This year’s 50th Super Bowl could be extra special to those who can somehow get their hands on Microsoft’s HoloLens. Though not yet available to the public, the tech giant has unveiled an NFL-based concept that would bring the players and the stadium into your living and even onto your coffee table.
Last year Minneapolis broke ground on a major mixed-use development centered around a park next to the under-construction stadium that will house the Minnesota Vikings football team. Now dubbed “The Commons,” the 4.2-acre park was the subject of a public meeting last week, at which its design came into clearer focus.
Are you ready for some football stadiums? Los Angeles gets even more proposals for its yet-unsecured NFL team
Just when we thought Los Angeles’ football stadium craziness had cooled down, the owners of the San Diego Chargers and Oakland Raiders have unveiled plans for a 72,000 seat, $1.7 billion stadium on a 168-acre site in Carson—which should soon be on that city’s ballot—while Inglewood City Council approved a measure to build a stadium for the (for now) St. Louis Rams, originally floated by Rams’ owner Stan Kroenke.
St. Louis‘ NFL franchise, the Rams, left Los Angeles in 1994. Twenty years later they’re mulling a move back, but not without a fight from the residents of their new Midwestern home. Last week plans for a new arena on the banks of the Mississippi River upped the ante, promising Rams fans 64,000 seats and an open-air stadium designed by HOK and 360 Architecture that a city-appointed task force called “the crown jewel of the reinvention of St. Louis’ city center”.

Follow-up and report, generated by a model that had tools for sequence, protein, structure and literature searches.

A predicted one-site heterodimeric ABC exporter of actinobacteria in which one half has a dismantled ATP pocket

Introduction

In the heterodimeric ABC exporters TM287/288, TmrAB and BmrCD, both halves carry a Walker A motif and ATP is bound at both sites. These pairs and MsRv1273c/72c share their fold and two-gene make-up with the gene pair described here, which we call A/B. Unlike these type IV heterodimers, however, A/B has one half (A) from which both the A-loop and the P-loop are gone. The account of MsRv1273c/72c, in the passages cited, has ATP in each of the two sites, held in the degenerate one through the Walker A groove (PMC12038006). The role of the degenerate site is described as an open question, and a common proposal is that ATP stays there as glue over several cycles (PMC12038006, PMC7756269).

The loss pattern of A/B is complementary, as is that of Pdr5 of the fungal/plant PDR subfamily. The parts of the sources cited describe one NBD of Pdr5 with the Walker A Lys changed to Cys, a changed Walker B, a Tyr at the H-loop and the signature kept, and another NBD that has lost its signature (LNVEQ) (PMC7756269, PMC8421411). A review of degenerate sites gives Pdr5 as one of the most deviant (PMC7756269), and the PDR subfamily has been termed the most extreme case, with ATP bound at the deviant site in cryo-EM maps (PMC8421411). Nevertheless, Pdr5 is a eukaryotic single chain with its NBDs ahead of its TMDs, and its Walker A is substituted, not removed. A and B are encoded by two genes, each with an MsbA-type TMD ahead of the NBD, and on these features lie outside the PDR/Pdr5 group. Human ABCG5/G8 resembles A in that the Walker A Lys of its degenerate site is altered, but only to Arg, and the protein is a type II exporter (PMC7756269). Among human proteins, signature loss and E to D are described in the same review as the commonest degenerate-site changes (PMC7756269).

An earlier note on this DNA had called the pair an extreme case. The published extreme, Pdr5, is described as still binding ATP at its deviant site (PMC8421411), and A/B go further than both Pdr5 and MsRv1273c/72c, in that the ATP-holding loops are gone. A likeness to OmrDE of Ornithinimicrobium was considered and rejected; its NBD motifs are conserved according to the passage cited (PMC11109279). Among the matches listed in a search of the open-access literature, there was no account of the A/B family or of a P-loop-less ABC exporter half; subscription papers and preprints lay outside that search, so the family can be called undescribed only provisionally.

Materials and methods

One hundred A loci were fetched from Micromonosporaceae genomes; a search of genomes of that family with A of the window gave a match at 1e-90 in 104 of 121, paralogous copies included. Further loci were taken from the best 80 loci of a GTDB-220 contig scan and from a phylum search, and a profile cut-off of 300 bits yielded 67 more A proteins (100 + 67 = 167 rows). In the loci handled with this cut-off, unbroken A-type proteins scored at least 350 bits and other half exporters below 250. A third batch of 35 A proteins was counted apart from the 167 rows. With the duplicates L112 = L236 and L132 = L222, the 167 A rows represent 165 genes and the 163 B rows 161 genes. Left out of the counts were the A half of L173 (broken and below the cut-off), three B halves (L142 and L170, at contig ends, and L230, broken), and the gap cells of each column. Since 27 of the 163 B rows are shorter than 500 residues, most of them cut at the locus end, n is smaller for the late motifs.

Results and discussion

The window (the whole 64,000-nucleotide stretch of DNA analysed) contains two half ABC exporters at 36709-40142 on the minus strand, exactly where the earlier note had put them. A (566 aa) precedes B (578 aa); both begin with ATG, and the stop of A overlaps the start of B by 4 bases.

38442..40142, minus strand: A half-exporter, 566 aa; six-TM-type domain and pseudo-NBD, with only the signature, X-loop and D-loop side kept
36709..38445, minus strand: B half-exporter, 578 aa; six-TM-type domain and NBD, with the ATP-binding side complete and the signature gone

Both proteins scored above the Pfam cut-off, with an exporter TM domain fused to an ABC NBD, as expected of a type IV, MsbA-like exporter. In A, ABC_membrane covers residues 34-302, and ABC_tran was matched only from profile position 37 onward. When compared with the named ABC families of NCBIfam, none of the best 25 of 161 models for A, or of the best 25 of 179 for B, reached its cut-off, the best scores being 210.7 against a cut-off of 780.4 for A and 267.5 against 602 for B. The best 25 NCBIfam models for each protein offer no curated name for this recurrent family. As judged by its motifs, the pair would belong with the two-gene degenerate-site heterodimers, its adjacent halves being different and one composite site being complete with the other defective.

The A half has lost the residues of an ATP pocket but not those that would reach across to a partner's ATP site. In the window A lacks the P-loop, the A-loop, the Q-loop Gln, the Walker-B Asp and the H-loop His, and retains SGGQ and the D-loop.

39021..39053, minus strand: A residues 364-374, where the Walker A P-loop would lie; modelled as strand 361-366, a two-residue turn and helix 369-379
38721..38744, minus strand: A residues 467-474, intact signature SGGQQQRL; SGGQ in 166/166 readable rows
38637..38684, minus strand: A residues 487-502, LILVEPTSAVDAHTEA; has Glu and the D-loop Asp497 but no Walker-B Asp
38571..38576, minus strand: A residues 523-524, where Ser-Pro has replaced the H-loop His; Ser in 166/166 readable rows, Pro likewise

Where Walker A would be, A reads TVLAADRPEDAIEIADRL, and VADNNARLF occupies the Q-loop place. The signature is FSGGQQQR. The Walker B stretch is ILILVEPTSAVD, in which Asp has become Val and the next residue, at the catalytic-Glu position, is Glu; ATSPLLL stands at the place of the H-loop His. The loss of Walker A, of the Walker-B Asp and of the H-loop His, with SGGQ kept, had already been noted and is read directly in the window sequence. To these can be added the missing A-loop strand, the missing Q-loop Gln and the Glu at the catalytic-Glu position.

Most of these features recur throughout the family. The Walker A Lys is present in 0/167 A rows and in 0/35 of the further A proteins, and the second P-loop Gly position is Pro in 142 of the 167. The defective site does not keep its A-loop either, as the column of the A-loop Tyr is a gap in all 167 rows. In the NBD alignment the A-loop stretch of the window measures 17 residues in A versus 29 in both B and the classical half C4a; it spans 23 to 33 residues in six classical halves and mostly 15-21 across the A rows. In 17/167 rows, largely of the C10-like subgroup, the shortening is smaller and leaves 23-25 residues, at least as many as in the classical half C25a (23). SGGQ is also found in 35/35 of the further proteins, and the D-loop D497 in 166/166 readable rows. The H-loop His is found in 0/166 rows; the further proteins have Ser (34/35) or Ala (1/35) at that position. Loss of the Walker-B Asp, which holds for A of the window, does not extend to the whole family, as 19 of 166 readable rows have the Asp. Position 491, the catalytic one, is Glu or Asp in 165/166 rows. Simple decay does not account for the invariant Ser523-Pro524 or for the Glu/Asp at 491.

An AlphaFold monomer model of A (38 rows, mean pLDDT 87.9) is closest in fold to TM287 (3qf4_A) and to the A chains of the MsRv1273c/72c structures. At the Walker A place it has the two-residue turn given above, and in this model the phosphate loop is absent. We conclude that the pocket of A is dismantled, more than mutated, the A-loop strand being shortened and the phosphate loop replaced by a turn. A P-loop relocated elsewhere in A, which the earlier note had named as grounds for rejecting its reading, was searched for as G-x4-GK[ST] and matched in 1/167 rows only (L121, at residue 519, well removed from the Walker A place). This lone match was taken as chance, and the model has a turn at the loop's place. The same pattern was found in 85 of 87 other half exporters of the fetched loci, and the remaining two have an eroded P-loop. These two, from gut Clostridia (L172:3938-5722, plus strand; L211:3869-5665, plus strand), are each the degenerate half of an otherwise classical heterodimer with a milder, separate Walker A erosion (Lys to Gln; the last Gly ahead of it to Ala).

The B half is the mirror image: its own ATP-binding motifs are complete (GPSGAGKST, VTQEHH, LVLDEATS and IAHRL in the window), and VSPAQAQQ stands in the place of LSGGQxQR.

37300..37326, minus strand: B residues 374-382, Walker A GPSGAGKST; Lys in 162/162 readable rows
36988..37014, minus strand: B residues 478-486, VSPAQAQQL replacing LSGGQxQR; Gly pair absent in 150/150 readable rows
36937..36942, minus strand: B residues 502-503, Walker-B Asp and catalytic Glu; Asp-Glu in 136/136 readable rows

After years of, ahem, false starts, it’s looking very possible that the NFL will be returning to Los Angeles. According to the LA Times, St. Louis Rams owner Stan Kroenke, who bought 60 acres next to the Forum in Inglewood last year, has announced plans to build an HKS-designed 80,000-seat stadium and a 6,000-seat performance venue as part of the 300-acre Hollywood Park site.
While the Los Angeles Bureau of Engineering moves ahead with its competition for a $350 million renovation and expansion of the Los Angeles Convention Center, the NFL is threatening to make those plans obsolete. According to NBC Sports, a league source has confirmed that the NFL will send one or even two teams back to LA within the next one to two years. Two favorites include the St. Louis Rams and the Oakland Raiders. If the NFL comes to town then AEG’s plans for a new downtown stadium (by Gensler) and convention center expansion (by Populous) may follow. Of course a team could just as easily move to a site being floated near Hollywood Park, in Chavez Ravine, and in City of Industry. As of now the city has shortlisted AC Martin/LMN, Gensler/Lehrer Architects, and HMC/Populous for the convention center. No word from the Bureau of Engineering at this point. Stay tuned as we try to make sense of all this.
Twin Cities sports fans may be most excited about Sunday’s victory on the field, but a twinge of that satisfaction could be due to the team’s new stadium. Minnesota’s Sports Facilities Authority chose HKS architects to design a new home for the NFL’s Vikings.
HKS also designed Lucas Oil Stadium in Indianapolis and Cowboys Stadium in their home base of Dallas—two of the most high-profile NFL construction projects in recent memory. A decision on the lead contractor for the project has yet to come down, but news of the $975 million stadium’s designer is the latest announcement in a long and at-times contentious political process that subsidizes professional sports in Minneapolis.
Face-painted fans turned out to city council meetings as the deal cleared hurdles. With respected stadium architects on board, supporters may anticipate validation for their use of public funds. Those opposed maintain only time will tell, no matter the designer.